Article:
Since 2020 there is probably not a person left who hasn’t heard about quercetin and its benefits in fighting viral infections. Before that it had been used as a natural anti-histamine to alleviate allergic reactions.
What is quercetin?
Quercetin is a pigment that adds colour to many fruits and vegetables. It’s found mainly in the skins and leaves of plants. Light stimulates the production of quercetin, so an apple at the top of a tree may have more quercetin than one that doesn’t get direct sunlight. Isn’t that amazing! And then we need to think about nutrients content in organic vs pesticide-laden produce. But that is a whole different blog post.
Quercetin is referred to as either a phytochemical, polyphenol, or flavonoid. Quercetin is a very powerful antioxidant, which means that it helps fight free radicals. Free radicals are molecules that contain unpaired electrons. Because electrons naturally want to pair up, free radicals roam around the body, pulling electrons away from other molecules. This process can damage cells and DNA.How does quercetin help reduce DNA damage? It pairs up with the single electrons of free radicals, so they can no longer cause damage.
The benefits of quercetin:
- Support of the cardiovascular system by lowering blood pressure and cholesterol and relaxing blood vessels; quercetin can improve men’s sexual health as it may improve issues with reduced blood flow, which can cause erectile dysfunction.
- Improved circulation improves brain health as well. But quercetin can protect the brain in other ways, too. It may reduce inflammation and protect brain cells from toxins. Its antioxidant powers could lower the risk of Alzheimer’s disease and other degenerative diseases of the brain.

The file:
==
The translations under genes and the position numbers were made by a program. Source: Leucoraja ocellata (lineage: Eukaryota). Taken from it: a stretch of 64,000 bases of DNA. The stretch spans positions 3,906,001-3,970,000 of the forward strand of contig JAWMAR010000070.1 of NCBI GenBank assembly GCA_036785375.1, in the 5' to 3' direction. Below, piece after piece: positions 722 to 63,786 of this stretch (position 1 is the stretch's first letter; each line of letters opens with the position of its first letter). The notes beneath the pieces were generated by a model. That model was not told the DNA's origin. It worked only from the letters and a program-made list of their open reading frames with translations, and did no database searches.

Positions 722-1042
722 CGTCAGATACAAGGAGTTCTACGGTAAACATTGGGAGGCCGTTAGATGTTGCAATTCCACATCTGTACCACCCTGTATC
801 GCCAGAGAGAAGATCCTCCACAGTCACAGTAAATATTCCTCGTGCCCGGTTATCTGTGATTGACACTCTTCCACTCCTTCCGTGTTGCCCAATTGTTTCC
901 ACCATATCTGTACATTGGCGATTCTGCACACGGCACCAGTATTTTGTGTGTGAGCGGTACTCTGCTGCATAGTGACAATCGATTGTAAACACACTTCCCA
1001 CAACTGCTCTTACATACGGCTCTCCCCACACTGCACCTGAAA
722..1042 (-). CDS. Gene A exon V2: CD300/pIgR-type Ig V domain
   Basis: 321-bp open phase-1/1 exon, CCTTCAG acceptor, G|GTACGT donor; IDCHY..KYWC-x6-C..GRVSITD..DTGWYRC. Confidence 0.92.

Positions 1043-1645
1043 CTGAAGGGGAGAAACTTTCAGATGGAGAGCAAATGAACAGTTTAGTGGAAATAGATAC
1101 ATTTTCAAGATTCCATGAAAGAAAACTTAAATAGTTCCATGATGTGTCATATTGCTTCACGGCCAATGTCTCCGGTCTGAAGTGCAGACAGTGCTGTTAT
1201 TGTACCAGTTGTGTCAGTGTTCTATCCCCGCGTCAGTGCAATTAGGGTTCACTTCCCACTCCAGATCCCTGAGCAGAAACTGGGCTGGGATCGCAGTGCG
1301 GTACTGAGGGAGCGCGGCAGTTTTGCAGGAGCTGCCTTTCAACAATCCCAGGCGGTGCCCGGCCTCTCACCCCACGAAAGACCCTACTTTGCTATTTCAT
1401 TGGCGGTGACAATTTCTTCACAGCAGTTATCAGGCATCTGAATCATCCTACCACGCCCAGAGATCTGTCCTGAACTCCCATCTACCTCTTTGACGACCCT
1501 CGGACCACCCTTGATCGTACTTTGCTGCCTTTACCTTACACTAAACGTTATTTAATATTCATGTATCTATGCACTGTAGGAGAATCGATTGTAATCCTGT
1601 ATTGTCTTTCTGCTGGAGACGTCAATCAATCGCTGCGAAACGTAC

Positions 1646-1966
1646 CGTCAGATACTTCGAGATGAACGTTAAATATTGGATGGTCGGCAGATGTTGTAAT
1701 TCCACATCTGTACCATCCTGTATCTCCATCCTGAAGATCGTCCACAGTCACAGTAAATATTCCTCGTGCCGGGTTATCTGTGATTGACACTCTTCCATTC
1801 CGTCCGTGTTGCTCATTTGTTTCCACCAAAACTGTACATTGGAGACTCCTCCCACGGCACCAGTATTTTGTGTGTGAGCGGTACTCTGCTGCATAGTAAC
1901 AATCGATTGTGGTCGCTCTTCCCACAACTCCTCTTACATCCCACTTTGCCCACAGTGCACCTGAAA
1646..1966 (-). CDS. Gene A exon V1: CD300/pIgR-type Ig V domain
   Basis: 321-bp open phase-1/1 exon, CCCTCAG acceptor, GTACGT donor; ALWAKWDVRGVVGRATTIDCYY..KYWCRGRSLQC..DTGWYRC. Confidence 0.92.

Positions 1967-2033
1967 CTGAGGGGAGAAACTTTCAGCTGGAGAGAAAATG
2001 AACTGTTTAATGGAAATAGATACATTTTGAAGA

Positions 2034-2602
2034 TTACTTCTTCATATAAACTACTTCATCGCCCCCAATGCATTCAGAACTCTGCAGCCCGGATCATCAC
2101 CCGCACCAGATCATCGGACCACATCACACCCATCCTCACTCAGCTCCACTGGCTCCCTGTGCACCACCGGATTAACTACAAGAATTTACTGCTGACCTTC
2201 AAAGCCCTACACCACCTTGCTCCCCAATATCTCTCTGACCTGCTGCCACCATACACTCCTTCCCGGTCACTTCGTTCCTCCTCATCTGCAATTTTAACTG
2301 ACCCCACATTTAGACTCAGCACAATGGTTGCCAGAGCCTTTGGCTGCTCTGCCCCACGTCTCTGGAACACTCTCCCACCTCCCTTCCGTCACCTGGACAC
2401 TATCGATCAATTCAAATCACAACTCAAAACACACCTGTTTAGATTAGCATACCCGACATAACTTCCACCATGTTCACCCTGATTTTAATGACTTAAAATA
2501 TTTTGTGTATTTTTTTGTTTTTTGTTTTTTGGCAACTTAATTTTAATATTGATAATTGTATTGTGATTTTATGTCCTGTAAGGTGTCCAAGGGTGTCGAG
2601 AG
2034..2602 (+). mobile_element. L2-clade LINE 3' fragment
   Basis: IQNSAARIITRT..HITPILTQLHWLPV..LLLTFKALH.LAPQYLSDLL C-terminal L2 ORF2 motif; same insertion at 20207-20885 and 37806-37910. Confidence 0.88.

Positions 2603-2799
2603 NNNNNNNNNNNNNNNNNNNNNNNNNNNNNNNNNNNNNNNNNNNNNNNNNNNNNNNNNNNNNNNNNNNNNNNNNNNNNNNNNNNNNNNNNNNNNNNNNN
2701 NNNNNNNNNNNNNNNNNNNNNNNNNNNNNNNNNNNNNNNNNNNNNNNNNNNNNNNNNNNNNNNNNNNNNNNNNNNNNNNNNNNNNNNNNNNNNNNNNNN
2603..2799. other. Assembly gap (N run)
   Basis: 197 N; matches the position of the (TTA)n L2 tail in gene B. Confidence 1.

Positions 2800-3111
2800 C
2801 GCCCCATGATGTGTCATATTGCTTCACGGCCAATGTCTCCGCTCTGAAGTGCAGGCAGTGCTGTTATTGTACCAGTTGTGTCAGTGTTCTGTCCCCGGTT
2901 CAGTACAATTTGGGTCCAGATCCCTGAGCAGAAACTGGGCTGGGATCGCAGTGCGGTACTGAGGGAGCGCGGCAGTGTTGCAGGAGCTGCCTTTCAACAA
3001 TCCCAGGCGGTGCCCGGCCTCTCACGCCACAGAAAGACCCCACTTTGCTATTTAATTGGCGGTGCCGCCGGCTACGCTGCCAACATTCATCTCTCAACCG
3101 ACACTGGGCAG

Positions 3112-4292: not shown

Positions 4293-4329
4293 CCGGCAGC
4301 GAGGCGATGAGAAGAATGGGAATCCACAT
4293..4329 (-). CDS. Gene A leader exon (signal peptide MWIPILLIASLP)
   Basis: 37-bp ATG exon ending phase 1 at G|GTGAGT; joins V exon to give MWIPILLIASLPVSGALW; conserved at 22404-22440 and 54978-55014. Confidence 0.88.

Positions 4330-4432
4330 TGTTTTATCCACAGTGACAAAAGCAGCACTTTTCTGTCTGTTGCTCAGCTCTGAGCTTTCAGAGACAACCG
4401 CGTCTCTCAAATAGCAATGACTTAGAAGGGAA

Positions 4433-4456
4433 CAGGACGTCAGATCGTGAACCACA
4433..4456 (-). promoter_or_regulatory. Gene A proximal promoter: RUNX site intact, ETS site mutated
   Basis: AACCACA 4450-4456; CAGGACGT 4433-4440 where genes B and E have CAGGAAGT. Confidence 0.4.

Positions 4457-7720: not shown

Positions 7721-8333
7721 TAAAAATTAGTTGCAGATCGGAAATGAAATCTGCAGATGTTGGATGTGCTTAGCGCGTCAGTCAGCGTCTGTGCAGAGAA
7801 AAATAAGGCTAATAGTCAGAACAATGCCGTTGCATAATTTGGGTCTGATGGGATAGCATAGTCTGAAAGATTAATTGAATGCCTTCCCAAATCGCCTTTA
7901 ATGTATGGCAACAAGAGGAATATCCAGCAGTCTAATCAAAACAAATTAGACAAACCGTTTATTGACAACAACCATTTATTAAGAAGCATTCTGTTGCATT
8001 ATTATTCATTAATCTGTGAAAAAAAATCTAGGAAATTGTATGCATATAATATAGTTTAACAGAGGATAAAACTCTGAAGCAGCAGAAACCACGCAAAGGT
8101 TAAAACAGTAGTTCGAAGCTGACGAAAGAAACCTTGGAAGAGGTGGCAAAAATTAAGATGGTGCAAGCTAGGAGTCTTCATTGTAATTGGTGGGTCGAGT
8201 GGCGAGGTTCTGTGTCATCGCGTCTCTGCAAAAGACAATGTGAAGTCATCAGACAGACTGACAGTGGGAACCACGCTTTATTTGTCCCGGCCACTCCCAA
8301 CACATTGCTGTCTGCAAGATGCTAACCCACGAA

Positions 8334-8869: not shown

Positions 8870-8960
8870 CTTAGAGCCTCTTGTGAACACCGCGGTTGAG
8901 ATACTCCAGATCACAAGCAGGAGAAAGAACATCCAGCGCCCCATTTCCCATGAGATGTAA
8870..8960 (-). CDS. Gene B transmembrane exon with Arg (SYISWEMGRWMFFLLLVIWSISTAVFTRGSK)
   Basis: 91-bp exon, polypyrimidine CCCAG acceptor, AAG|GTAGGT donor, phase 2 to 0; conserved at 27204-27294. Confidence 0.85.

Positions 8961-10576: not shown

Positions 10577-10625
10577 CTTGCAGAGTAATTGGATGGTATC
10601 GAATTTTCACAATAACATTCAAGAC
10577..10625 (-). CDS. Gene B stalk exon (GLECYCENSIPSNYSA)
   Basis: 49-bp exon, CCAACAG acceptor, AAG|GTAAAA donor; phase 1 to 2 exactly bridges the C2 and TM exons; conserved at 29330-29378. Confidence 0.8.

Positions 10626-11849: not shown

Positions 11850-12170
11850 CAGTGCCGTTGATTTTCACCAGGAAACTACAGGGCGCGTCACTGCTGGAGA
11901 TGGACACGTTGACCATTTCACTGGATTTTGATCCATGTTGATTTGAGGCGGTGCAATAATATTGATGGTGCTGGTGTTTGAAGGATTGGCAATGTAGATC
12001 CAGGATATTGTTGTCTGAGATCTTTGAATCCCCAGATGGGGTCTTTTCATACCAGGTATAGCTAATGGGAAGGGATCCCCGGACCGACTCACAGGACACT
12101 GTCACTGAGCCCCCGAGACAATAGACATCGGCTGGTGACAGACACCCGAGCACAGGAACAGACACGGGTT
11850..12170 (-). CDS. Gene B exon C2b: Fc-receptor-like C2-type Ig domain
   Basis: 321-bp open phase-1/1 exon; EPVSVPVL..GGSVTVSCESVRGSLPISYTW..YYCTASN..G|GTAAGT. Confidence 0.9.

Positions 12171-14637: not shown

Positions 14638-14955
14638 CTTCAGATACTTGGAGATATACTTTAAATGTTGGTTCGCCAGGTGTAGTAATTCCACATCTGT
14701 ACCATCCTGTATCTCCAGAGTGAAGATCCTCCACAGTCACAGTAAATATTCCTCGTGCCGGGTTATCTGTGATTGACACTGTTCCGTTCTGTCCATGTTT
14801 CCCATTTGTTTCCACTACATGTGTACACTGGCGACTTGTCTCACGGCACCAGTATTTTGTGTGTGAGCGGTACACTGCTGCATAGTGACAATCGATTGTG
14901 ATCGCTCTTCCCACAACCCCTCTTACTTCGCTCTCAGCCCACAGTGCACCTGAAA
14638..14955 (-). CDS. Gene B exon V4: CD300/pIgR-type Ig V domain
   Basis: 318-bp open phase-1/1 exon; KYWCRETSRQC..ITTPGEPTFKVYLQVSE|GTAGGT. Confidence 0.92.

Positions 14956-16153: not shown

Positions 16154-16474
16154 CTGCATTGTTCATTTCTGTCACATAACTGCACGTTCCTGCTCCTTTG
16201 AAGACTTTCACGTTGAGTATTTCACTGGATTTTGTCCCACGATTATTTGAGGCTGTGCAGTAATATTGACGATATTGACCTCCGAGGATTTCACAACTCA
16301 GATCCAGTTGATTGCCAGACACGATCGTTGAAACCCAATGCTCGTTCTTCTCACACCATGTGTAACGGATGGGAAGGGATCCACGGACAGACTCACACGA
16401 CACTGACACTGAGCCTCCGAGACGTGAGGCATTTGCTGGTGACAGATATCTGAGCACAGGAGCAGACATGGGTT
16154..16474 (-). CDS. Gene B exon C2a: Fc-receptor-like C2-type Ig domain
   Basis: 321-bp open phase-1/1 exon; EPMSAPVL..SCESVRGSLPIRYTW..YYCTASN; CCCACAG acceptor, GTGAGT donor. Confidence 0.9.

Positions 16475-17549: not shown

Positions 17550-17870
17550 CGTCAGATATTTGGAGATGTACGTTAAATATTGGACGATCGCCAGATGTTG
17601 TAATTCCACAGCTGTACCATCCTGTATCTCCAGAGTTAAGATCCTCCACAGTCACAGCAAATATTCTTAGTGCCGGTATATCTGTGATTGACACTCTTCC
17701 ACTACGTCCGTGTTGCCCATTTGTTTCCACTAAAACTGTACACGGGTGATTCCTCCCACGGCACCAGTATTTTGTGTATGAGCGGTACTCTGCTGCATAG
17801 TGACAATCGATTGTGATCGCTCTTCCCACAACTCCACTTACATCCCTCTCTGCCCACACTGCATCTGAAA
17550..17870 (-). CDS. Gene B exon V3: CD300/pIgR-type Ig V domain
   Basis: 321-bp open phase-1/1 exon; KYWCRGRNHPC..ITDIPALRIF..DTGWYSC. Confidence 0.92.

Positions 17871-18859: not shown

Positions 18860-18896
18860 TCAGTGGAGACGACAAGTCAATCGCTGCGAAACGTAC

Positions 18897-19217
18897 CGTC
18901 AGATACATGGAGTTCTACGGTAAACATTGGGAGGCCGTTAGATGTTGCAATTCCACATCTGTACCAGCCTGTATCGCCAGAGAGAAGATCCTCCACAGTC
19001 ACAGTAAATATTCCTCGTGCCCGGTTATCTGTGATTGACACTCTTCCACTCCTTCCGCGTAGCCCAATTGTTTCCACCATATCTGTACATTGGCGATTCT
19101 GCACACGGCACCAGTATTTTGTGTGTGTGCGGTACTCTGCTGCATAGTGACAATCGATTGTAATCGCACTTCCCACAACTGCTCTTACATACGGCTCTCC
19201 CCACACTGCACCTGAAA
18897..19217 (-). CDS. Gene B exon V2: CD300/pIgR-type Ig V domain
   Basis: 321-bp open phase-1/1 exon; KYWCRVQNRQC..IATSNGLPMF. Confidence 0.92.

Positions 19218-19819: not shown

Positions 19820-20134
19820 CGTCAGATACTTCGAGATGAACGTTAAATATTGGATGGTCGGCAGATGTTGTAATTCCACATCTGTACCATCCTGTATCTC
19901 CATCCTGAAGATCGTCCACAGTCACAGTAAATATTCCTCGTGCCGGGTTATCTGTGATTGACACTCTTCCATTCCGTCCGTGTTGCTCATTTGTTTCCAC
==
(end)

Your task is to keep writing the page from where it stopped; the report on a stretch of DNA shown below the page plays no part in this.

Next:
- Quercetin may slow down tumour growth and generally reduce the risk of cancer by combating free radicals. A few studies have targeted quercetin and in one, it showed slowed tumor growth; in another, it lowered the risk of lung cancer; the third was a lab study, which found that quercetin had the ability to attack leukemia cells.
- And the most known quercetin use in naturopathic circles – antihistamine. Quercetin has been proven to drive down the histamin response and help with allergic reactions.
Do I recommend quercetin supplements? In critical cases – yes, they help a lot! But taking them on an ongoing basis as a “preventive” measure – a definite no from me. In the latter case querceting-rich foods should be used.
- capers (most concentrated source!)
- red onion (highest vegetable source!)
- red apples
- tomatoes (organically grown tomatoes have up to 79% more than conventional fruit)
- Brussels sprouts
- citrus fruits
- bell peppers (green and yellow)
- nuts (almonds and pistachios)
- asparagus (cooked has slightly more)
- black tea
- green tea
- elderberry tea
The best plan is to include a variety of quercetin-rich foods, like capers, red onions, kale, and organic tomatoes, in your regular diet. If you’re considering taking a quercetin supplement, check in with your practitioner first to make sure it’s right for you and establish the right therapeutic dose for you.